Next to the Brooklyn-bound local track is a closed trolley terminal. There are about three to four tracks against a wall and eight turning loops, which were used for trolley service from 1908 to 1948 that traveled over the Williamsburg Bridge to different parts of Brooklyn.[3]

History

The underground terminal for the subway adjacent to the trolley terminal opened on September 16, 1908. The station was rebuilt for through service in 1911-1913 to the Centre St Subway extending to Chambers St. The subway has four tracks while there was room at Essex St station for only three tracks and two platforms. There is provision for a fourth track to run through the trolley terminal area and join the subway west of the trolley terminal, should a four track subway station be wanted. For many years, the elevated train service was very intensive and a fourth track at Essex St would have been useful to handle the crowds, but at the same time the trolley service was also well patronized, so no expansion was ever proposed.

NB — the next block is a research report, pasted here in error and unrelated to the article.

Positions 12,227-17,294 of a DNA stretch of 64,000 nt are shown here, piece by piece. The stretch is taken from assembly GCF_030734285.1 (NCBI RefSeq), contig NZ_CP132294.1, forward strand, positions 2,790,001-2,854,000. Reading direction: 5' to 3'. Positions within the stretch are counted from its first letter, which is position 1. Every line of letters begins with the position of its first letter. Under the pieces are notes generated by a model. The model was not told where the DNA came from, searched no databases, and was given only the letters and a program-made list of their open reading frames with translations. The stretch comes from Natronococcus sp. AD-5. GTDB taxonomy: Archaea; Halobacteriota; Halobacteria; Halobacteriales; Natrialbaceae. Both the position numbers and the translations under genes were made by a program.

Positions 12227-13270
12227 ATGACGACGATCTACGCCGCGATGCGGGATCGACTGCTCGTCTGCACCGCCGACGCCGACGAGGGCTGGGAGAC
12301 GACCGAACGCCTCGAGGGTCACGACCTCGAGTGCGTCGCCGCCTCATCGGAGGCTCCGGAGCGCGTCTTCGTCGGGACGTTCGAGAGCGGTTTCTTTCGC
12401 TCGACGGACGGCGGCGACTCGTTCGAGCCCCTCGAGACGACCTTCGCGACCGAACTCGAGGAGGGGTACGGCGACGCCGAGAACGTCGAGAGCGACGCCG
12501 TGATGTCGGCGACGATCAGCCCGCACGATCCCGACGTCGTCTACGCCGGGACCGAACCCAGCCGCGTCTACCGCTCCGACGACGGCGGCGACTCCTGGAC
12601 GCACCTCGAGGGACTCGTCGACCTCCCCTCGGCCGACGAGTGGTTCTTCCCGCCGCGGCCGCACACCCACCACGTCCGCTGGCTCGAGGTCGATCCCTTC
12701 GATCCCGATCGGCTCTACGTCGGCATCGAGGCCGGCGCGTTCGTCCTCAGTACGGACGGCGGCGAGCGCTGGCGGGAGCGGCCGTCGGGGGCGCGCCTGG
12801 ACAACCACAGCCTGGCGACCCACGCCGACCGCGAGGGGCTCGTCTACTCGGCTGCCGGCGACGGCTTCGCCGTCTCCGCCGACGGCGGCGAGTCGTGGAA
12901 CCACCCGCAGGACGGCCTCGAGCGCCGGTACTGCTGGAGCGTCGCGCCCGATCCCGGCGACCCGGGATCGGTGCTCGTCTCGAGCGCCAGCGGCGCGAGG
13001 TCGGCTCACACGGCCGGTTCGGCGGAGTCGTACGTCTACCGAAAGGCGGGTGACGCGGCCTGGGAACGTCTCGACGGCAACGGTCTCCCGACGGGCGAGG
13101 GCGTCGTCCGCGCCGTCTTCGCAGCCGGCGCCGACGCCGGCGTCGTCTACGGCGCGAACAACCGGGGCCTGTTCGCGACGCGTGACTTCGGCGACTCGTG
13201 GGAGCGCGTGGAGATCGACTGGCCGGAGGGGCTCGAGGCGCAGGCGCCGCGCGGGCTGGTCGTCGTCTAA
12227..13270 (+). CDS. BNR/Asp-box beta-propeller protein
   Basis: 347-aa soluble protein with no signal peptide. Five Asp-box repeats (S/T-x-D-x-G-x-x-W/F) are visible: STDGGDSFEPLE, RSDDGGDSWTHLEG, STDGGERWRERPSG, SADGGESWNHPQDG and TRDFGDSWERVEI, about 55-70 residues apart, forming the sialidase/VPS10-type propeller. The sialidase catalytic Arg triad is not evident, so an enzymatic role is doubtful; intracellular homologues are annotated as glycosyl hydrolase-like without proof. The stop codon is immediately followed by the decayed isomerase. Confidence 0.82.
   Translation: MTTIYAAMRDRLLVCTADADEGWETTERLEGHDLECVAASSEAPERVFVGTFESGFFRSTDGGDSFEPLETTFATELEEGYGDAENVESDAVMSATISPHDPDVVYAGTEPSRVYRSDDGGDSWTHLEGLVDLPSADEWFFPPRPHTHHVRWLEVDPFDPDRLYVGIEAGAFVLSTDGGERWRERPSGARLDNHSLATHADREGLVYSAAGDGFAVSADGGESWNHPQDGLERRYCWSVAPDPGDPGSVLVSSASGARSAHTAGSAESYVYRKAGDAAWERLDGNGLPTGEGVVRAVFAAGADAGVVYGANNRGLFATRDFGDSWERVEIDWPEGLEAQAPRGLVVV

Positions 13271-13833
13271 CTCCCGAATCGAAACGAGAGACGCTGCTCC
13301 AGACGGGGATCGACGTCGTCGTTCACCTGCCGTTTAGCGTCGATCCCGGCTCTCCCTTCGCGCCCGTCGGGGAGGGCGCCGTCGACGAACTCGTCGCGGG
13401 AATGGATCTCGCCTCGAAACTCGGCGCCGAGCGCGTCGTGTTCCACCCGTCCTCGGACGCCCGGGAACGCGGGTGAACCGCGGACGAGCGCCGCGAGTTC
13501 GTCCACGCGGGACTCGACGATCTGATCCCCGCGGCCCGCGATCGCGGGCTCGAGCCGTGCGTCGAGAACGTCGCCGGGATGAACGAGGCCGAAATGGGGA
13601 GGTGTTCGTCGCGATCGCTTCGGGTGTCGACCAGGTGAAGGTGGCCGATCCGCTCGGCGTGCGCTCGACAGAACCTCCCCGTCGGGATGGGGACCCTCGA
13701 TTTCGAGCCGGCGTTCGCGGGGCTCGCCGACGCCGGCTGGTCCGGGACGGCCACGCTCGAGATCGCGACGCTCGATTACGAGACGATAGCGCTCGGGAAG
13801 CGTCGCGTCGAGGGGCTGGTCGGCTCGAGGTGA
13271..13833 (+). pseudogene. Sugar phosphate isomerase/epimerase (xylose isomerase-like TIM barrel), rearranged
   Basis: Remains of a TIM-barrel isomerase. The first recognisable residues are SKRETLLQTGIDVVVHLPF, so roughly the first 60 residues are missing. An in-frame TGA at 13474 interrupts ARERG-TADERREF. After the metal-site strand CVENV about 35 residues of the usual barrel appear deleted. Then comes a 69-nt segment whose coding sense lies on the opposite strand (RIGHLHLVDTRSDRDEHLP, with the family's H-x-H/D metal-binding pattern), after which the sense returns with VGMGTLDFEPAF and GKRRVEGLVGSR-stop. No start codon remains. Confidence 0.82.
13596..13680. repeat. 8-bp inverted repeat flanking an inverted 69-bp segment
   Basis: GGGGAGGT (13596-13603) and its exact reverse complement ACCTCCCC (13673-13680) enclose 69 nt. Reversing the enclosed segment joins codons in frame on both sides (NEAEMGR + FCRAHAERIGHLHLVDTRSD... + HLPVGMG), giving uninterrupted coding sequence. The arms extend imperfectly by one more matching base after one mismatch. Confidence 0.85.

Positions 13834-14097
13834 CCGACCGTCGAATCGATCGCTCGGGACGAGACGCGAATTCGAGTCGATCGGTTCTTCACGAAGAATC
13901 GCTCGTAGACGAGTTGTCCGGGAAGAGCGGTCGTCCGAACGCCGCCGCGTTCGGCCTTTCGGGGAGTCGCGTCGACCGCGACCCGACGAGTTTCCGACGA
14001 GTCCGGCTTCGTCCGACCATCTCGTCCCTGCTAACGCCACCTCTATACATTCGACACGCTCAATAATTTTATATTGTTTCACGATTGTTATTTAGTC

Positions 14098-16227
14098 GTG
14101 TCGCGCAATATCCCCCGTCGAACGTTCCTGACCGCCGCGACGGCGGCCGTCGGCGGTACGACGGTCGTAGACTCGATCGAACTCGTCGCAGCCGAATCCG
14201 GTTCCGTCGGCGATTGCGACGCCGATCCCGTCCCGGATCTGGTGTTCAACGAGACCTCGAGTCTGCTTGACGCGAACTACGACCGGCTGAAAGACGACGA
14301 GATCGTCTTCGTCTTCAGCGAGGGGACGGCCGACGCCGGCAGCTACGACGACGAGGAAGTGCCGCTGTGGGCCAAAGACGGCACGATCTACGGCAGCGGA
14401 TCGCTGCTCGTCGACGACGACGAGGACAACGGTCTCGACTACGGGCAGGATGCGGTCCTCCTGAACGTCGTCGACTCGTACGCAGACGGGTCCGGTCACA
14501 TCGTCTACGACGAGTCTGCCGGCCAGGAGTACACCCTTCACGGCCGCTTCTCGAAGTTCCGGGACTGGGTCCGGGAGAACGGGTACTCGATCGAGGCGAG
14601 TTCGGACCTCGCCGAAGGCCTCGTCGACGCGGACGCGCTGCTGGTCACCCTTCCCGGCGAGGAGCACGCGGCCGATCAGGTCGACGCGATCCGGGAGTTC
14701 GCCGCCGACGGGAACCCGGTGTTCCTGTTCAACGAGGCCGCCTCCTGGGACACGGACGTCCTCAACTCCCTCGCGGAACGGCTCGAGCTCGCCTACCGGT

After streetcar service ended in 1948, the former track area on the bridge was rebuilt into auto lanes with a new ramp from street level closing off the former downhill ramp to the trolley terminal. The trolley terminal itself however was left vacant, and only small portions converted to storerooms. Prior to 1913, the BMT station was also known as Delancey Street.


IND Sixth Avenue Line platforms

Delancey Street
NYCS F
New York City Subway rapid transit station
Delancey Street Subway Station by David Shankbone.JPG
Station statistics
Division B (IND)
Line IND Sixth Avenue Line
Services       F all times (all times)
Platforms 2 side platforms
Tracks 2
Other information
Opened January 1, 1936
Station succession
Next north Second Avenue: F all times
Next south East Broadway: F all times